In the 1987 comedy, Planes, Trains, and Automobiles, stressed marketing executive, Neal Page (Steve Martin), is reluctantly trapped in a shared hotel room with an optimistic and talkative curtain-ring salesman, Del Griffith (John Candy). Del mindlessly can’t stop talking about the mundane and boring details of his life. Eventually Neal loses his cool. After a long tirade, he shouts, “And here’s another thing: Have a point! It makes it so much more interesting for the listener.” Continue reading “Purpose, relevancy, and ideas”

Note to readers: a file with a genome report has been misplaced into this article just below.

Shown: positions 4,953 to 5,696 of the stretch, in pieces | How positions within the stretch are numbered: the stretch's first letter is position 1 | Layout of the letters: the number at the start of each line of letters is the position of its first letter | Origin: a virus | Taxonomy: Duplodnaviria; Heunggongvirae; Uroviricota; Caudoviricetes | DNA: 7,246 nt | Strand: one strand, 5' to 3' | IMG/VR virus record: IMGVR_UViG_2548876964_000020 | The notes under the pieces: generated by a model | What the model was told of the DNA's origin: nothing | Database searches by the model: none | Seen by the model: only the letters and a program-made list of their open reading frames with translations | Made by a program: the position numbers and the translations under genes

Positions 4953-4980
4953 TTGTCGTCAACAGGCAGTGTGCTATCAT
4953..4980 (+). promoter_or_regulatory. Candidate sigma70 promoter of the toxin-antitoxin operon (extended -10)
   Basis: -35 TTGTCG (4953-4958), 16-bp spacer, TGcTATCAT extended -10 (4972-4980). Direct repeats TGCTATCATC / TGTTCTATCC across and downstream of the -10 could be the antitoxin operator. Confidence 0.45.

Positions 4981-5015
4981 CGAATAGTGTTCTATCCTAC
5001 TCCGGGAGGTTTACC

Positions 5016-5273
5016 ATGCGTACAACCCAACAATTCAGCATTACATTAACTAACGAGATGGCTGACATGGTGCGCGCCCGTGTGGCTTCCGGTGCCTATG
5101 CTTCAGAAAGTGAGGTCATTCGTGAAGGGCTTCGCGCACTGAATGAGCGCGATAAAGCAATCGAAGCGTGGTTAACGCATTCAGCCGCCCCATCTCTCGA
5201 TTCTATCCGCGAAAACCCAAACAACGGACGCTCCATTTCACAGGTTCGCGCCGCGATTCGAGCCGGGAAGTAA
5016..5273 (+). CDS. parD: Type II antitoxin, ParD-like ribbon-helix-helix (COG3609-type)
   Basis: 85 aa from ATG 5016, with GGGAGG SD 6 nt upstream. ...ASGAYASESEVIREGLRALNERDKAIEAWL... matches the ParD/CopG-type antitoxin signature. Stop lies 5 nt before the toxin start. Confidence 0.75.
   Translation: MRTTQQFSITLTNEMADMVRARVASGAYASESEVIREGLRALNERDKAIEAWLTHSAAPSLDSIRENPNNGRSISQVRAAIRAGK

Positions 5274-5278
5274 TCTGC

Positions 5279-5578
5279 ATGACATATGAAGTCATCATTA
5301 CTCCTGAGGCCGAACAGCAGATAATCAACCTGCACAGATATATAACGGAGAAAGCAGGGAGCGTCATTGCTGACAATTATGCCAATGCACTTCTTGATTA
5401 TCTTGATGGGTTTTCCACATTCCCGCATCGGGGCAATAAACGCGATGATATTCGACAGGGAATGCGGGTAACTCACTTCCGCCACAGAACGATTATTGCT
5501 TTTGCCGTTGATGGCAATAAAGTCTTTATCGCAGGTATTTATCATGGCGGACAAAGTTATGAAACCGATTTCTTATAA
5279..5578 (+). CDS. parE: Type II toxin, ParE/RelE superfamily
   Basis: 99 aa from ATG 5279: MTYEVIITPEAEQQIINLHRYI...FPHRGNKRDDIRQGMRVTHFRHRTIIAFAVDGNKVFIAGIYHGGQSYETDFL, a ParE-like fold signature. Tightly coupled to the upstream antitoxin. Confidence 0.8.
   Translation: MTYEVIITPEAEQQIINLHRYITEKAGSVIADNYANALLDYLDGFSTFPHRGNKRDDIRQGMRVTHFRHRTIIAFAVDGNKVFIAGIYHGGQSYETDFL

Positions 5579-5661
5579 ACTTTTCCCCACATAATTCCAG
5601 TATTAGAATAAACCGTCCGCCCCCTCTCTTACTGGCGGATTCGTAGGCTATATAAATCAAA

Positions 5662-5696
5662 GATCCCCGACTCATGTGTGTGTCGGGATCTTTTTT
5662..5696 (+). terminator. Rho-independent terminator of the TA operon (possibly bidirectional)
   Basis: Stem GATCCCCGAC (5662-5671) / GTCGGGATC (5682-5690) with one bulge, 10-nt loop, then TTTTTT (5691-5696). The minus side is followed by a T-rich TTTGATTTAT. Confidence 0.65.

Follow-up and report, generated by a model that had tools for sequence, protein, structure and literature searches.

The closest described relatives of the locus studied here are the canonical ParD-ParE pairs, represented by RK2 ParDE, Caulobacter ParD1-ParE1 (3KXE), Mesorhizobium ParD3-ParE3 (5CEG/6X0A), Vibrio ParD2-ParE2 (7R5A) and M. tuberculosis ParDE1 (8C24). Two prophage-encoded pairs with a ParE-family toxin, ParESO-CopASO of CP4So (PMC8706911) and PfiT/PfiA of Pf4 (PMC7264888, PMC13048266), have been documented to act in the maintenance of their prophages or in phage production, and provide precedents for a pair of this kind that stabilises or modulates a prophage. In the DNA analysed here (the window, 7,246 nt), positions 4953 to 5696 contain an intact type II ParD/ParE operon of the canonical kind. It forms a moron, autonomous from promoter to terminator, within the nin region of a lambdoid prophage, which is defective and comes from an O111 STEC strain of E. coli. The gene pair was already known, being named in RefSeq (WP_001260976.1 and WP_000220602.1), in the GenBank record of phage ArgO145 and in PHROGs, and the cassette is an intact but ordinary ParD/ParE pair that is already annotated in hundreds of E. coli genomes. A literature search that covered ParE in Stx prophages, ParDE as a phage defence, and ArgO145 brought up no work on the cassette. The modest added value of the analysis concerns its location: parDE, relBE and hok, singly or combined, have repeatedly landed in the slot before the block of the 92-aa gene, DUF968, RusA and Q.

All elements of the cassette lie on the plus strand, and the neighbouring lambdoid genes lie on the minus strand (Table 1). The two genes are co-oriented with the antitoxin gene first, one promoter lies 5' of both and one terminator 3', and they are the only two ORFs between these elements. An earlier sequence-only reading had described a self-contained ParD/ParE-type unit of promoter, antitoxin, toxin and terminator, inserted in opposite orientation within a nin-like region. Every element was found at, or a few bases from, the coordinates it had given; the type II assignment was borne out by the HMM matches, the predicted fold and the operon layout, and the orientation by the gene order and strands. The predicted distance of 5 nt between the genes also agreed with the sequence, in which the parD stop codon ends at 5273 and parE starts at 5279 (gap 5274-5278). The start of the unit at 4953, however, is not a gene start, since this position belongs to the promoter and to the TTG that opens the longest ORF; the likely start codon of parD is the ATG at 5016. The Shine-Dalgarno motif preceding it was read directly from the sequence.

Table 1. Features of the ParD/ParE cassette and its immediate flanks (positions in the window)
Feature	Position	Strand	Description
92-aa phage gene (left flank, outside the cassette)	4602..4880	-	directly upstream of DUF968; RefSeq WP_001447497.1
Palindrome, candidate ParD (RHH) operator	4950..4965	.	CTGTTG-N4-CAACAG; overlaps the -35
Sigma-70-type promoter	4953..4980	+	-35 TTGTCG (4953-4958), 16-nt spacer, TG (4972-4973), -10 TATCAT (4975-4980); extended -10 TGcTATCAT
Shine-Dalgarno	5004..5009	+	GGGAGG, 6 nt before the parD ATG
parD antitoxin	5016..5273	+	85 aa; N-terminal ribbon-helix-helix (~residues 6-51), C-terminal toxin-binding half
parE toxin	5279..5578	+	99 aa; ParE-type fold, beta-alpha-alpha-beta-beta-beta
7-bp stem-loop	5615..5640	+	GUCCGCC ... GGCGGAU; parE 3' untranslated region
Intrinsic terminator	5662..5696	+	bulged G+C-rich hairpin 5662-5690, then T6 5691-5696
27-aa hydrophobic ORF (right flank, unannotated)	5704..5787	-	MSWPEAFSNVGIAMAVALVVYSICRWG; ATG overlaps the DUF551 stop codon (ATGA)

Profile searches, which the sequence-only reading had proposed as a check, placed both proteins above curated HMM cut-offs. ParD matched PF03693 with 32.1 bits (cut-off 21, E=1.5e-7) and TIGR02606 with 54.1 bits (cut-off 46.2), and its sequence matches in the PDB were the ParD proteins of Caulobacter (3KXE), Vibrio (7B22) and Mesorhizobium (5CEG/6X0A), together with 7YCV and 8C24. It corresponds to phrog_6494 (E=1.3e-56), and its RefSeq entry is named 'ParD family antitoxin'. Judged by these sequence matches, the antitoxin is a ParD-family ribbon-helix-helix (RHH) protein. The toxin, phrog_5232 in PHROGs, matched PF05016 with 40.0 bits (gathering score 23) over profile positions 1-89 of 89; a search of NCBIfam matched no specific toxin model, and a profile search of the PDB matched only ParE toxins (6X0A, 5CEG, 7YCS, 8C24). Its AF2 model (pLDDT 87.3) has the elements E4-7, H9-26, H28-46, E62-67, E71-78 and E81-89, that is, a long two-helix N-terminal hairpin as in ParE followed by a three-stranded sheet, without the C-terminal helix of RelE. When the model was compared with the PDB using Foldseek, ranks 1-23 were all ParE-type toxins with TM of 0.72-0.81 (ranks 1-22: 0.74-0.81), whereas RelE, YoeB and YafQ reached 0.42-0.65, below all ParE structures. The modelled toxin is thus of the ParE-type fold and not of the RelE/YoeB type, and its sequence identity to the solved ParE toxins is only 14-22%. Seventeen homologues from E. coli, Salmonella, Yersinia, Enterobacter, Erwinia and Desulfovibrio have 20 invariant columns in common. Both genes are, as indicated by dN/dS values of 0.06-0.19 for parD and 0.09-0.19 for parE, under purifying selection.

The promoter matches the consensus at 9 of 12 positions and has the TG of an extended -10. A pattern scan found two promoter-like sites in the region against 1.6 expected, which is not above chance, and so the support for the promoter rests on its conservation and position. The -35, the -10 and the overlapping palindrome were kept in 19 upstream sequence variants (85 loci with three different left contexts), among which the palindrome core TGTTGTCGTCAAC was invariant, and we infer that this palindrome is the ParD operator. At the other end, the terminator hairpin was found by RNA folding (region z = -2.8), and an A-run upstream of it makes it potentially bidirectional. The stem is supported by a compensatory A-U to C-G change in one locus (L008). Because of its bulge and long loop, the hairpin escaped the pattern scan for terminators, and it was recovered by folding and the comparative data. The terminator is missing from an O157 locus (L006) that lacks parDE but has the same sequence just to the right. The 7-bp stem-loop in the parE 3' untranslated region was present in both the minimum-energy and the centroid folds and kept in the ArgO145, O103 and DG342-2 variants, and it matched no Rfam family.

George Orwell once wrote that a classical education would be impossible without corporal punishment. Maybe that’s why it isn’t taught in school today. A classical education was demanding. It included rhetoric: the art of effective speaking and writing.
The Age of the Unthinkable: Why the new world disorder constantly surprises us and what we can do about it, by Joshua Cooper Ramo
We may crave simple and easy-to-comprehend ideas but the world is complex. The Age of the Unthinkable relies on Chaos Theory for its perspective on a world where old ways of thinking no longer apply. Continue reading “Age of the Unthinkable”